Many Believe That the Left’s Election Victory in Ecuador Was Fraudulent
The armed forces did not handle ‘the entire chain of custody of the ballots,’ as it normally does.
The disputed election of Lenín Moreno as president of Ecuador made his leftist allies very happy in that it broke a string of conservative election wins in Latin America.
Venezuela’s bankrupt strongman Nicolás Maduro hailed Moreno, saying on Twitter, “The Citizen Revolution won.” Bolivia’s socialist leader Evo Morales crowed on Twitter that “21st century socialism always triumphs.” Julian Assange, who five years ago was granted asylum in Ecuador’s London embassy by current Ecuadorian leader Rafael Correa, urged trailing conservative candidate Guillermo Lasso “to leave Ecuador within 30 days (with or without his tax haven millions).”
Moreno’s two-point victory is certainly being celebrated — but also questioned. A quick count by a respected local watchdog found that there was a difference of less than 0.6 percentage points separating the two candidates. The group declined to announce which candidate had the advantage.
In addition, three out of the four exit polls released as voting concluded on Sunday showed Lasso with a lead between three and six points. Exit polls can be wrong, but the one that predicted a Lasso win of six points was spot-on in predicting the results of the first round of voting in February. In that election, leftist Lenín Moreno (yes, his first name was given him for ideological reasons) won 39 percent of the vote, narrowly missing an outright victory that wouldn’t have required a runoff. The final results of that first round were delayed for days, as the government-controlled election machinery stalled and dithered until finally admitting that a runoff was needed.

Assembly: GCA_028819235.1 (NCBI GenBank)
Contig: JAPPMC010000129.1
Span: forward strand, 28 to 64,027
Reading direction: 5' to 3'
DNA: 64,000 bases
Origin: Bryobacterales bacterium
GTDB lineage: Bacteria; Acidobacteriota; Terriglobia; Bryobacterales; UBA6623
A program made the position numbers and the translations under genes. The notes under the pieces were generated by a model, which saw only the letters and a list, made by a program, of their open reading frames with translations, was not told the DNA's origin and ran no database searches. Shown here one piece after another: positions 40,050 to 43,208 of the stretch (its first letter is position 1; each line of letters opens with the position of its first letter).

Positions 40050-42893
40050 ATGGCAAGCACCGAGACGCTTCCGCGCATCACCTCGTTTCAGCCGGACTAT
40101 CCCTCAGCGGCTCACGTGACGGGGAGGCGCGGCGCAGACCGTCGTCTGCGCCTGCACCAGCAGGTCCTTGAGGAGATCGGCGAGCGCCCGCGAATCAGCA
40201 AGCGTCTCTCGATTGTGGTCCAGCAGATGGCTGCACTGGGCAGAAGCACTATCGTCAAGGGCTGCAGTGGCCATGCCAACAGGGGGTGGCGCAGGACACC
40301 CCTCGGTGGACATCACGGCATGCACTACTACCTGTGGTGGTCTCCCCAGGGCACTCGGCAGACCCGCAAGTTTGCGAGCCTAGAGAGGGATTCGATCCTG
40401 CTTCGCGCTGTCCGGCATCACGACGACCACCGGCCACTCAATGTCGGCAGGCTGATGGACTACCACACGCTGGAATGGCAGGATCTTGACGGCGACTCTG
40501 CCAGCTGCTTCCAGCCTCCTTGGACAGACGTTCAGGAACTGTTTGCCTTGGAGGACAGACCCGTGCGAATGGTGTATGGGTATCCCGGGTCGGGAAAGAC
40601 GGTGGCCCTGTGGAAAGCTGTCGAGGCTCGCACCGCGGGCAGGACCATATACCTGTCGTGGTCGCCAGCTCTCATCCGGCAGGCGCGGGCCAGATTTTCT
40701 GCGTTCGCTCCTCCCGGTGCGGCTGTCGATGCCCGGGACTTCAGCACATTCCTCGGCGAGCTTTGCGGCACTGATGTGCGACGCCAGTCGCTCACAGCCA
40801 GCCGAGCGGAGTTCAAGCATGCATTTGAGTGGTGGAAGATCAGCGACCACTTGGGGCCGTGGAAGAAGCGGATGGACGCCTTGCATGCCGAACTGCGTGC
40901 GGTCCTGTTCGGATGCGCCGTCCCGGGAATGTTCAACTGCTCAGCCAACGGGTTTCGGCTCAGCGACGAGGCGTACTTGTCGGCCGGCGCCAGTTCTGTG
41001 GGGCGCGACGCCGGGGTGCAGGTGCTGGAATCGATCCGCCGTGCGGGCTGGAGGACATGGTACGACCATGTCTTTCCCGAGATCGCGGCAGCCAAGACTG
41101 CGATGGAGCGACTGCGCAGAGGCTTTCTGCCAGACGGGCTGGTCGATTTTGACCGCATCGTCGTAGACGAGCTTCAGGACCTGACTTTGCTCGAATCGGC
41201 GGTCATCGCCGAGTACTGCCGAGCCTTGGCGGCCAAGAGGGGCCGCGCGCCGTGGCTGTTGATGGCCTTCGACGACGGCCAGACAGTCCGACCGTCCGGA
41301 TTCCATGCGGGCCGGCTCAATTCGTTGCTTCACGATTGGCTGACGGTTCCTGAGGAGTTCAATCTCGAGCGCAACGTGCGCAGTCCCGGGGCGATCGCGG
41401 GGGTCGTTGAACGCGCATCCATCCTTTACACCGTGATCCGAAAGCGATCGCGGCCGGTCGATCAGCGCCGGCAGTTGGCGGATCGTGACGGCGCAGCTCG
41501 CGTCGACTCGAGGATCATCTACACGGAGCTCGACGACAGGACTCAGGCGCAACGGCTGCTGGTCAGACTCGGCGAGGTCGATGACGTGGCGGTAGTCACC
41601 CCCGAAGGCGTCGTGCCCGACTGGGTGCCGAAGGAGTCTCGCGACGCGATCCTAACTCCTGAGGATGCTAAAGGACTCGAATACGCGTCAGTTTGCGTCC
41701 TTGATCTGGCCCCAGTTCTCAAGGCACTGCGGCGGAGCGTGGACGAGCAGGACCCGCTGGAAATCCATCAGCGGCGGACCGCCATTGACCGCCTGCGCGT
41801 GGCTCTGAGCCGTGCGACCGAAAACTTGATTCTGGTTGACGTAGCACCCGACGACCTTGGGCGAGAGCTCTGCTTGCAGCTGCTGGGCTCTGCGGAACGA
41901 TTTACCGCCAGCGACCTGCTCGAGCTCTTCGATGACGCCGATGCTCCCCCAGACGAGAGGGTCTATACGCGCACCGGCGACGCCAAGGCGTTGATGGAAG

Even more disturbing was the decision of President Rafael Correa, who handpicked Moreno as his chosen successor, to fire General Luis Castro Ayala as the chief of staff of the Ecuadorean army after the first round. General Castro Ayala is said to have played a crucial role, through his moral influence on the National Election Council, in ensuring an accurate count of the first election round.
The day after the first round of voting, he sent a letter to the Joint Command of the Armed Forces, requesting that it consider its constitutional responsibilities to ensure an accurate count. Following his firing, General Castro Ayala told the media that “the armed forces did not handle the entire chain of custody of the ballots in these last elections” as it is normally charged with doing.
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